Theologically, this book shows strong influence and quotations from Walter Bruggermann and N.T. Wright, scholars in the Old Testament and New Testament respectfully. Socially, he is inspired by the activism of Jim Wallis, whom he also cites. Most of social inspiration, however, comes from those in Gen X and Gen Y and their youthful enthusiasm for making a difference that betters the world.

I do see some weaknesses in this readable, short volume (206pp including 10 pp of Bibliography with 181 entries).

First, he whets a taste for change with examples of things being done by change makers around the world – but does not give enough information about these for us to be truly inspired by them to make real changes. Most examples receive only a few sentences.

Second, an index would be useful, especially when making reference to previous examples by saying “Remember….” Unfortunately, my memory is not photographic, and without at least a page reference I am unable to refresh my memory easily.

Third, at times he appears to be seeking change for the sake of change. I believe change is necessary, but also recognize that not all change is beneficial. In biology, nearly all mutations are harmful. The same can also be true in sociology and ecclesiology.

Fourth, he preaches a social gospel of activism in which even the activity of unbelievers is taken as evidence of the moving of the Spirit of God and that those activists are living the gospel of God’s kingdom. It is certainly true that Jesus said “the sons of this world are more shrewd in dealing with their own generation than the sons of light” (Luke 16:8, ESV). There is nothing wrong per se in looking at what non-Christians are accomplishing to make a better world, or even in joining them in their enterprises for good (see Philippians 4:8). Yet, to fail to do these things in the name of our Lord does little to promote the knowledge of the glory of God in the world.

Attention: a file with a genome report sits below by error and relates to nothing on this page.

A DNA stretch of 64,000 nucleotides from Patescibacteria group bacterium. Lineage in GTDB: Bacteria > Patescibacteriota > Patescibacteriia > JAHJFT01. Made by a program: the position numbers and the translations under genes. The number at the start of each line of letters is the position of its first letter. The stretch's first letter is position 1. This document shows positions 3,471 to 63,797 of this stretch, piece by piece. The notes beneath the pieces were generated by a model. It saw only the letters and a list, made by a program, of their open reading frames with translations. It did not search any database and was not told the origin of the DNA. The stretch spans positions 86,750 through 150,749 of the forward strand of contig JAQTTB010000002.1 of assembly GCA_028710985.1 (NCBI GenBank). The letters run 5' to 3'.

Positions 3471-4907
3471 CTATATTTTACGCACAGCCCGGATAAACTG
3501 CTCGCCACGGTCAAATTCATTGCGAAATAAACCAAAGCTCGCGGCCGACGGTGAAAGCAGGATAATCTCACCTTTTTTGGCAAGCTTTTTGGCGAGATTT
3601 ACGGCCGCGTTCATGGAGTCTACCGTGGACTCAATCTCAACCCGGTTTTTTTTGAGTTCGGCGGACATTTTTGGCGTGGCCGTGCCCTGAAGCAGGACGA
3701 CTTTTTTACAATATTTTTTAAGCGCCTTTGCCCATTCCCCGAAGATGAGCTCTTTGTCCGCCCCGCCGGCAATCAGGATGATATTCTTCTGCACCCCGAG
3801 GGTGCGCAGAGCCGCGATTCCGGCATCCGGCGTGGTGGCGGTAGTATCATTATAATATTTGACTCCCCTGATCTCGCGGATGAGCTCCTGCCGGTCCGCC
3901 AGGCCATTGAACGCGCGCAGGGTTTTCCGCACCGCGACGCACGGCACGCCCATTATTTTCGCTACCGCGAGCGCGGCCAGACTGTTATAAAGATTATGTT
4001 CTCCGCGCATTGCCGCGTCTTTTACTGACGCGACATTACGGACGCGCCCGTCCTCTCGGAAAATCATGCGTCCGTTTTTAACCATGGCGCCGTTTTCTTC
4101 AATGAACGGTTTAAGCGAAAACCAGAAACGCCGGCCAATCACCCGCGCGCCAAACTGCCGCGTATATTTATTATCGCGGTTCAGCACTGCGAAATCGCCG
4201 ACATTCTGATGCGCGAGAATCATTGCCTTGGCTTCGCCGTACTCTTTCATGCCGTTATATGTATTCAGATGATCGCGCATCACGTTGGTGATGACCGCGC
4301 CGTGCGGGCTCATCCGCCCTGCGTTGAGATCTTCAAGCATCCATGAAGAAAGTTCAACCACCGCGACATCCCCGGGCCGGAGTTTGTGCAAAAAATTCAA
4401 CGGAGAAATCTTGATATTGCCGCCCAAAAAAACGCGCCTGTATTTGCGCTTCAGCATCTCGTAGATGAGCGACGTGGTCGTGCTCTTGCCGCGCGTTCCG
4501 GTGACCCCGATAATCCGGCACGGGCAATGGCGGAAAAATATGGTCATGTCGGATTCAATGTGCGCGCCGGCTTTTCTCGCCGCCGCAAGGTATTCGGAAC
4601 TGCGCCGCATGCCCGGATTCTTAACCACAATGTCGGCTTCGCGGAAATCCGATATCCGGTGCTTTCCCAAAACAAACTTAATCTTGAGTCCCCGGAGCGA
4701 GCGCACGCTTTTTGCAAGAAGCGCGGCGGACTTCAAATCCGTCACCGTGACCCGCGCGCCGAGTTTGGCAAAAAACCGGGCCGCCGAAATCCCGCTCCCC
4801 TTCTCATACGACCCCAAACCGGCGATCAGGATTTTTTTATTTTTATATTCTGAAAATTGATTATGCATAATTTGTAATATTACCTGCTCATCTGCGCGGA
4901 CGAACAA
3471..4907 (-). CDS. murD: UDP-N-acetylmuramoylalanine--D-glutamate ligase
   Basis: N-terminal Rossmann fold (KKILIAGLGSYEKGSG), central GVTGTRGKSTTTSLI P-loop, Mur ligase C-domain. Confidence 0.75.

I recommend this as a sourcebook that can challenge imagination and lift our eyes to opportunities yet undreamed. Without shaking up the imagination and the practice of the church, there is likely to be little change. After all, as some wise person said, “Insanity is doing the same as you have always done but expecting a different result.” Most will agree the church needs different results. So why do we keep doing the same things? In this book Tom Sine attempts to shake us out of our rut into doing different things that will bring better, eternal results.

Note: I received this book with the understanding I would publish a review on this blog. I was not told what to say. This review is my honest opinion with no further consideration. – Jerry Starling

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BOOK REVIEW: A NEW EVANGELICAL MANIFESTO: A Kingdom Vision for the Common Good


ImageBeing religiously conservative does not necessarily mean being politically conservative. There is a significant, emerging segment of conservatively theological Christians who agree with politically liberal counterparts while staying true to their own faith regarding a wide variety of political issues in contemporary America. A NEW EVANGELICAL MANIFESTO: A Kingdom Vision for the Common Good (David P. Gushee, editor: Challis Press, St Louis, MO, ©2012, 257pp.) is a statement of conviction by a score of young, “progressive” evangelicals who are theologically conservative but politically liberal. They are convinced that the close identification of evangelicals with the conservative wing of the Republican Party has harmed the witness of the church to the good news of Jesus. This book is a call to renew the vision of evangelicals in a way that will better reflect the glory of our Lord. Continue reading